Traumatic brain injury can cause numerous behavioral abnormalities including aggression, violence, impulsivity, and apathy, factors that can be associated with criminal behavior and incarceration. To better characterize the association between traumatic brain injury and incarceration, we pooled reported frequencies of lifetime traumatic brain injury of any severity among incarcerated samples and compared the pooled frequency to estimates of the lifetime prevalence of traumatic brain injury in the general population. We found a significantly higher prevalence of traumatic brain injury in the incarcerated groups compared to the general population. As such, there appears to be an association between traumatic brain injury and incarceration.
"risk of Alzheimer's disease and aging-related cognitive decline (Farrer et al. 1997a, b; Wisdom et al. 2011). Among normally aging adults, individuals with ε4 allele display deficits on multiple assessments of executive function (Lee et al. 2011; Ryan et al. 2011; Swan et al. 2005) In a metaanalysis , (Small et al. 2004) concluded that the APOE ε4 genotype accounted for a small, but significant, magnitude of executive function impairment. "
[Show abstract][Hide abstract] ABSTRACT: Recovery after Traumatic Brain Injury (TBI) is variable, even for patients with similar severity of brain injury. Recent research has highlighted the contribution that genetic predisposition plays in determining TBI outcome. This review considers the potential for genetic polymorphisms to influence recovery of cognitive and social processes following TBI. Limitations and considerations that researchers should make when assessing the potential impact of polymorphisms on TBI outcome are also discussed. Understanding the genetic factors that support neuroplasticity will contribute to an understanding of the variation in outcome following injury and help to identify potential targets for rehabilitation.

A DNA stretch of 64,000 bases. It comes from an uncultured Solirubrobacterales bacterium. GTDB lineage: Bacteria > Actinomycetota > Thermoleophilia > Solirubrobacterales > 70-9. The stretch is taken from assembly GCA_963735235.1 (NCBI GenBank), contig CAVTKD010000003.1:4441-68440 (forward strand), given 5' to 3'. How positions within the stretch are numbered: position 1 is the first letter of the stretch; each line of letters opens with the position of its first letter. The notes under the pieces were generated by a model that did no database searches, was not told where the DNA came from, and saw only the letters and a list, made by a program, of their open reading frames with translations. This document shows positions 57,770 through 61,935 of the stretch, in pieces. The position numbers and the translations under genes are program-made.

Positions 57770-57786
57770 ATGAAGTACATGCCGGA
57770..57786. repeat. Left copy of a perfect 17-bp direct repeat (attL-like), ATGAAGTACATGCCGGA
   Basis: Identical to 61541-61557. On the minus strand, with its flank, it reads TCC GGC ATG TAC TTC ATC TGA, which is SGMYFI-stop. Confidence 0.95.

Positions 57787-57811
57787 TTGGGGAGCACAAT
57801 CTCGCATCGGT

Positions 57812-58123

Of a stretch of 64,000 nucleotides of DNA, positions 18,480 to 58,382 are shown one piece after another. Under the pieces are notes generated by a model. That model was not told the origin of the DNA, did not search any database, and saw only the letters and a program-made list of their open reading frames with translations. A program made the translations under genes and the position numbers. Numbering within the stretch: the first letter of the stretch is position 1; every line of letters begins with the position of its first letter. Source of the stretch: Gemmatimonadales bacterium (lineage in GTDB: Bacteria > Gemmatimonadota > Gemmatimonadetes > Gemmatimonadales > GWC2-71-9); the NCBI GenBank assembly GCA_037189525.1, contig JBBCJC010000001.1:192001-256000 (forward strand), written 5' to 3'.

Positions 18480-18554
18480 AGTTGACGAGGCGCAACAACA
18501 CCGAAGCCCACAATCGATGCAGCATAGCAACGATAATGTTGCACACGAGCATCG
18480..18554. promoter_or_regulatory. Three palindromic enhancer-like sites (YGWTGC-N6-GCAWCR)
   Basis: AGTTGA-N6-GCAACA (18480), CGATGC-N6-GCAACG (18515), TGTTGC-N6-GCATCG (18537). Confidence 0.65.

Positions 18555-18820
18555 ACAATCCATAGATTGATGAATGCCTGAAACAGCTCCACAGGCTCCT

[Show abstract][Hide abstract] ABSTRACT: Studies of traumatic brain injury (TBI) among adult populations demonstrate that such injuries can lead to aggressive behaviors. Related findings suggest that incarcerated individuals have high rates of brain injuries. Such studies suggest that traumatic brain injury may be related to the etiology and recidivism of criminal behavior. Relatively few studies have examined the prevalence of TBI using a delinquent juvenile sample. In order to assess the relationship between TBI and juvenile offender status, the current study used meta-analytic techniques to examine the odds of having a TBI among juvenile offenders. Across 9 studies, we found that approximately 30% of juvenile offenders have sustained a previous brain injury. Across 5 studies that used a control group, a calculated summary odds ratio of 3.37 suggests that juvenile offenders are significantly more likely to have a TBI compared to controls. Results suggest that the rate of TBIs within the juvenile offender population is significant and that there may be a relationship between TBIs and juvenile criminal behavior.
[Show abstract][Hide abstract] ABSTRACT: Intimate partner violence (IPV) is widespread. Several risk factors are associated with IPV perpetuation, including alcohol use and educational level. The aggression and violence associated with traumatic brain injury (TBI) suggest that brain trauma may also be a risk factor for IPV. To examine the association between TBI and IPV, the authors conducted a meta-analysis of peer-reviewed published studies reporting the prevalence of TBI in IPV perpetrators. The authors compared the frequency of TBI among IPV perpetuators to estimates of TBI in the general population using a single-sample test of proportions. Six studies containing a total of 222 subjects met inclusion criteria. Fifty-three percent (119) of the IPV perpetuators had a history of TBI, a prevalence significantly higher (p < .0001) than estimates of TBI in the general population. The prevalence of TBI among perpetuators of IPV appears significantly higher than the prevalence of TBI in the general population. To the extent that this association is causal, TBI may be a risk factor for interpersonal violence, although comparatively few source studies, lack of standardized information about TBI severity, and the inability to investigate potential confounding variables necessarily limit this conclusion.
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